Excerpt: 'Crave: Why You Binge Eat and How to Stop'
Psychologist explains why people binge eat and what role genetics plays.
March 17, 2009 — -- Clinical psychologist Cynthia M. Bulik is an expert on binge eating and has written a new book on how to conquer food cravings.
In "Crave," Bulik discusses just how much genetics play a role in the disorder and explain why people crave the foods they do.
Read an excerpt of "Crave" below and click here to visit Binge Eating Disorder Association's Web site..
"Binge eating tops the list of eating disorders affecting Americans, with the first-ever national survey on eating disorders finding it much more prevalent than either anorexia or bulimia."
~ HealthDay News
It's a common scenario played out in millions of households around the country every single day: a woman eats her favorite ice cream straight from the carton until she reaches the bottom, or a man goes to his favorite sports bar and practically inhales 20 buffalo wings — each is simply trying to satisfy intense, at times overwhelming, cravings. Some crave sweets; others crave pasta — whatever the target — it finds it's way from hand to mouth.
Every binge is different, just as every craving is different and every binge eater is different, but the scenario is most often the same: binge-eaters like to be alone with their behavior, often turning to late-night, early morning or even what I call "backseat" binges to ensure that no one sees their so-called "shameful" activities. Maybe the kids are asleep, the parents are out of town, the spouse is still at work, or the roommate just left for that big business trip or is still taking her semester exam.
My patients have told me countless horror stories of how far they went to conceal a binge; driving across city, county, or even state lines so no one they know will witness them driving from fast food restaurant to convenience store, or binging from drive-thru to drive-thru in record time. Some have even hidden in a closet with a grocery bag full of clandestine food.
For those willing to look a little more deeply past the carefully constructed façade, some telltale signs of a classic binge eater might be: snack cake wrappers wedged between sofa cushions, "caches" of food hidden throughout the house, fast food receipts stacked like Monopoly money in glove boxes and greasy wrappers littering the car floorboards. But not everyone leaves a trail; some binge eaters spend as much time covering their tracks as they do shopping for the binge itself.
Regardless, the cravings can seem insatiable. Day or night, alone or with someone just in the other room, the binge-eater can hardly refuse the cravings that cause him or her to ingest 500, 1,000 or even sometimes as many as 3,000 or more calories in a single sitting.
The urges to eat are often as intense as they are spontaneous; we will talk later in this book about what triggers a mere craving or a full-fledged binge episode, but patients have told me that when it happens, for whatever reason, they feel "powerless" to resist the urge and often "zone out" while eating. So while the initial craving may be for a certain food group, restaurant, snack cake, or donut shop, what happens during the binge itself has very little to do with taste.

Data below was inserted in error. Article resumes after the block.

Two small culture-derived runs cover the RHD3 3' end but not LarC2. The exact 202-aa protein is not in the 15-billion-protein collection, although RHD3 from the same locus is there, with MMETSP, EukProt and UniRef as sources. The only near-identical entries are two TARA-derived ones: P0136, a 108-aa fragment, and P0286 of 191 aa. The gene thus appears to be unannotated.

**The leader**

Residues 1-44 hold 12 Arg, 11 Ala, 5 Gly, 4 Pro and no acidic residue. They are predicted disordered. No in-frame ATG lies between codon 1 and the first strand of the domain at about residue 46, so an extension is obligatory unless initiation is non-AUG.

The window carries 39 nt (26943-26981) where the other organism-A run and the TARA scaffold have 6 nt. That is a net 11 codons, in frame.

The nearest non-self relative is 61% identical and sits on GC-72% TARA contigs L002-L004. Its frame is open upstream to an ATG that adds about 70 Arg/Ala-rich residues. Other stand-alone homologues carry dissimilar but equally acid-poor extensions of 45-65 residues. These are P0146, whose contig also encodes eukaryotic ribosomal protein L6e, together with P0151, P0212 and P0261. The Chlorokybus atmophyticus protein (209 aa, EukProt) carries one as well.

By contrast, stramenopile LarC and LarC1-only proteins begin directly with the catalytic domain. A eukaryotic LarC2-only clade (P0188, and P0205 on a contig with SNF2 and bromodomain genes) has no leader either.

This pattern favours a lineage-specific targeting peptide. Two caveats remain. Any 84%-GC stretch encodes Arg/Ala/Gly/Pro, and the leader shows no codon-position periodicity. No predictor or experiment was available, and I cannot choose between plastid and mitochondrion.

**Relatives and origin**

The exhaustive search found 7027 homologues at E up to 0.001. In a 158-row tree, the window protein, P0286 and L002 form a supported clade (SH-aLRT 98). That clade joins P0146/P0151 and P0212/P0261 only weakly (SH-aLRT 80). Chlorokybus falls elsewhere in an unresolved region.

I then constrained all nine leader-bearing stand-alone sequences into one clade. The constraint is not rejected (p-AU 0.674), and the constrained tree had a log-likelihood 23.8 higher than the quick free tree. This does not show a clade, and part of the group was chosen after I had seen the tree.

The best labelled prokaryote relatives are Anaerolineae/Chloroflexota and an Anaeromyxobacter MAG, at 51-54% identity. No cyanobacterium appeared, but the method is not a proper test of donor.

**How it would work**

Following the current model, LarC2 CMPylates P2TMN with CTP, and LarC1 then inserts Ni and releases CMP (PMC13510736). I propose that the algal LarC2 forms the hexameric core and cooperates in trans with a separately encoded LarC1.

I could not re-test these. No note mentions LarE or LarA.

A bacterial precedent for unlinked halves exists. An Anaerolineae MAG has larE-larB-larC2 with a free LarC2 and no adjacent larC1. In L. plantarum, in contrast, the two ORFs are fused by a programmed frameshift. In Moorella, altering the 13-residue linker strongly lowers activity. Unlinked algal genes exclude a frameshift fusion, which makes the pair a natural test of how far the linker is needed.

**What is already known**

Counseling and Psychotherapy
Behavioral weight control programs
Specific treatment programs will be discussed later, but I wanted to introduce them early so that you know that effective options do exist – and many may be well within your reach. Whatever form of treatment you seek out for yourself – or for others – rest assured that right now, by following the guidelines in this book, you are taking the first critical step toward getting help.
I deal with people every day who are going through what you are going through and I know firsthand how much courage it takes first of all to admit there is a problem and, secondly, to address the problem with specific, safe, effective steps toward long-term recovery.
There is nothing fancy about my approach. In fact, it is down to earth, user friendly, and very practical. Strategies to "Curb the Crave" include surprisingly simple methods you will soon be able to implement in your daily routine:
Eat Breakfast, Hungry or Not
Don't Drink Your Meals
Beware of Stealth Sugars
Retrain Your Taste Buds
Computer-track Your Craves
Use Instant Messaging and Texting for Reinforcement
Lunch Laps, Mall Marches, and Other Exercises
My research and the latest studies done by colleagues in the field reveal how our genes can put some of us at greater risk for binge-eating and its almost universal byproduct, obesity. However, this research has also proven one reassuring fact: no one needs to be a prisoner of his or her genes any longer; everyone can learn to make better eating decisions and control his or her diet on a lifelong basis.
Moody Blues Binger
Mea Culpa Binger
Running on Empty Binger
Party Hearty Binger
Maybe some of these will sound familiar right off the bat, while others require further explanation. You may identify yourself as one type or a combination or you may feel like "all of the above." However you decide to classify yourself, I urge you to use this book as your toolbox; these are the tools you can use to help yourself recover — or help a friend, family member or loved one recover — from binge eating disorder. A special section of the book in Chapter 9 lists resources for you to turn to for information and referrals. They can help; I can help; most of all you can help yourself triumph over binge eating disorder!